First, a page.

Reimagining Your Strategic Approach to Talent
By Scott Stone Sr. Director, Global Solutions, KellyOCG
As businesses around the world attempt to navigate an unprecedented global crisis, how can they ensure that their organizations are robust enough to succeed in a brave new world of work?
It’s not an exaggeration to say that Covid-19 has fundamentally shaken the world we live in. For every size of business, every sector and industry, every individual – the pandemic has changed everything. This has brought to the fore some big questions about how we go to work, how we arrange our workforces, and how we build a strategic approach to talent that can weather the catastrophic and unexpected. It’s likely that the crisis we face today will not only accelerate changes that we have seen trickling into the industry over the last decade but that it will also spark innovation we simply couldn’t have imagined in a pre-Covid-19 world. The first priority for every organization is to ensure the health and wellbeing of its people. The second must be the health and future success of the companies themselves. Rethinking the ways they connect with and access skills is one of the big strategic questions that leaders will have to face in coming months. I take a look at some of the ways that organizations might rethink their talent approach, below.
Outsourcing Non-Core Functions
The move towards outsourcing non-essential functions has been steadily growing over the past decade, but in the face of Covid-19 the benefits look even more attractive. The ability to focus on your core business, reset and renew after a period of complexity and interruption, and tap into easy scalability and cost savings are compelling benefits for business leaders. Outsourcing key functions and roles also allows organizations to quickly plug into specialist expertise. This may be invaluable as they look to overcome a new set of challenges presented by the pandemic.
Engaging a Truly Flexible Workforce
In the past, permanent hires have been seen as the preferred way of engaging staff at almost every level. A culture of permanent work = real work muddied the waters around contingent staffing. Now, as many organizations make painful staffing decisions, we may see a new perspective on the benefits of a highly flexible, agile, and scalable contingent workforce. This combined with the explosion of the gig economy and an ongoing freelance revolution may fundamentally change the ways we think about connecting with, rewarding, and engaging temporary talent. But the move towards flexibility must extend to every type of worker. Permanent staff should also see more flexibility in where, how, and when they connect with work. We have collectively learned, under painful circumstances, that we can find new ways to get the job done and that is a genie we cannot put back in the bottle.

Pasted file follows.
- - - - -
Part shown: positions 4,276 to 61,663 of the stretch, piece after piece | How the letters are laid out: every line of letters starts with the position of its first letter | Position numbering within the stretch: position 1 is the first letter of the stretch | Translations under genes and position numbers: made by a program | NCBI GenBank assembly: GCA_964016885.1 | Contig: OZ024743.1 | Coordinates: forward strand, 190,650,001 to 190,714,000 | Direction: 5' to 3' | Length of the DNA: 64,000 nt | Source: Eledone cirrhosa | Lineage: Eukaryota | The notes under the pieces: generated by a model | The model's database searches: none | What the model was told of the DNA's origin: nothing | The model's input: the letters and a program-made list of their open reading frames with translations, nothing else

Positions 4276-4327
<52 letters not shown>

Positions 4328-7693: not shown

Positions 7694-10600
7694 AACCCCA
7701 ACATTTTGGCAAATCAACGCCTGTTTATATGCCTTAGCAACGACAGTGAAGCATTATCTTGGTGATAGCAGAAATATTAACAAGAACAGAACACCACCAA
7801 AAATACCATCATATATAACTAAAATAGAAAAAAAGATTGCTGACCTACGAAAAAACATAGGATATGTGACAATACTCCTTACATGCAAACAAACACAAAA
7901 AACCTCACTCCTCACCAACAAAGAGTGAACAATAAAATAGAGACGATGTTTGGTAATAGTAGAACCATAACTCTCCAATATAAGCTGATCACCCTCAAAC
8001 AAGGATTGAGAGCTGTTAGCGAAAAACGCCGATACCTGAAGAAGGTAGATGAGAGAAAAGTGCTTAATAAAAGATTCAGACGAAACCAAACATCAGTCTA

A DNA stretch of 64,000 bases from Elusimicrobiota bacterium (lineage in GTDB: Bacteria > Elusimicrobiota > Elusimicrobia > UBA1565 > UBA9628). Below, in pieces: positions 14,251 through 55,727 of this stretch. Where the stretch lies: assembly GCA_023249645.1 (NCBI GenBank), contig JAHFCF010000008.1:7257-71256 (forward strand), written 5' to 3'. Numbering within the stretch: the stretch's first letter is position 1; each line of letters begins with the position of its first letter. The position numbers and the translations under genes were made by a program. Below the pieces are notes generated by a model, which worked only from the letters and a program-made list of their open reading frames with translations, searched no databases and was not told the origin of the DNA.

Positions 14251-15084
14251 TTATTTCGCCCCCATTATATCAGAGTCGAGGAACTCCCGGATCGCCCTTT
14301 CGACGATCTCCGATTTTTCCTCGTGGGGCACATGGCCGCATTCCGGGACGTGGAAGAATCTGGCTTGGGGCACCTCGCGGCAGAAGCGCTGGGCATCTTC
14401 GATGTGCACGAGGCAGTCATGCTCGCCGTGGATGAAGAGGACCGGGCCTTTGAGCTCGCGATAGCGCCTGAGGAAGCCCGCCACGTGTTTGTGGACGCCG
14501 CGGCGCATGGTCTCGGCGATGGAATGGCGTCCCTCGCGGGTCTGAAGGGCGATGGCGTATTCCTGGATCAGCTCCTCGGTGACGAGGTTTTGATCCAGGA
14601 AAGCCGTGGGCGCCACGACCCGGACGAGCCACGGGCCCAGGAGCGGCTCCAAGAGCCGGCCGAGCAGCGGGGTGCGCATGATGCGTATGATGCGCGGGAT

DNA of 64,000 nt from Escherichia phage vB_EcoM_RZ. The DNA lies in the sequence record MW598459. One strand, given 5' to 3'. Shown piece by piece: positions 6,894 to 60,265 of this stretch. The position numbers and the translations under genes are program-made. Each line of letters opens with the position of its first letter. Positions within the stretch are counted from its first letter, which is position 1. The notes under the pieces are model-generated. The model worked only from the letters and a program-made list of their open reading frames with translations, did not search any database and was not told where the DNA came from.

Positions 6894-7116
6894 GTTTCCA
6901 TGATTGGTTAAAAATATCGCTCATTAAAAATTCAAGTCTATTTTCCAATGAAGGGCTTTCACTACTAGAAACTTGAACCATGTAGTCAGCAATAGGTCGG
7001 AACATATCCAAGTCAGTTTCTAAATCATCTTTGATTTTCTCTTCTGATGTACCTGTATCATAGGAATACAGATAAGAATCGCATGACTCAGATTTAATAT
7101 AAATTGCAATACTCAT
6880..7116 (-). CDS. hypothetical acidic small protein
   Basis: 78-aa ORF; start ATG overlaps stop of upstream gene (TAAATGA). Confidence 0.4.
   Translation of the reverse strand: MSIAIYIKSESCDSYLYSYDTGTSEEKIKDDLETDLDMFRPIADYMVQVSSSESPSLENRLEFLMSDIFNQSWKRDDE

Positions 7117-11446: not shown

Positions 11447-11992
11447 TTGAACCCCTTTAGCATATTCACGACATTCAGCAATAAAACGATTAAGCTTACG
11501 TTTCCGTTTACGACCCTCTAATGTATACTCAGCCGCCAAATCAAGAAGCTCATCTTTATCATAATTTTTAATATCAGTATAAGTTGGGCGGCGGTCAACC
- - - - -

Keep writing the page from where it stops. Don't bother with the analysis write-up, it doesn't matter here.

Actively Adopting Innovation
Those organizations that thrive in the most difficult conditions are often early adopters. Those changemakers who are willing to take calculated risks to move forward. Consider a business with limited remote capability and technology compared to an agile fintech whose team already work from home around the world. A slow-moving organization with aged tech is at a huge disadvantage in current circumstances. The same is true when we look at talent strategy. Today, more than ever before, talent sourcing channels and workforce solutions have to be able to adapt quickly and seamlessly. Sometimes changing approach from day-to-day in order to balance demand, protect worker safety, and overcome new obstacles. Innovation is no longer optional. It’s essential to future success.
What does the future look like? Nobody knows for certain. But it seems likely that businesses will have to transform their plans for the rest of 2020 and beyond. They will have to ensure, in the future, that their businesses and talent strategies can adapt to almost anything the industry and wider world throws at them. Workforce needs are evolving quickly, and we all have big decisions to make to ensure we can keep up.
I’d love to hear more about your experiences of leading talent strategy during these strange times. You can contact me at any time.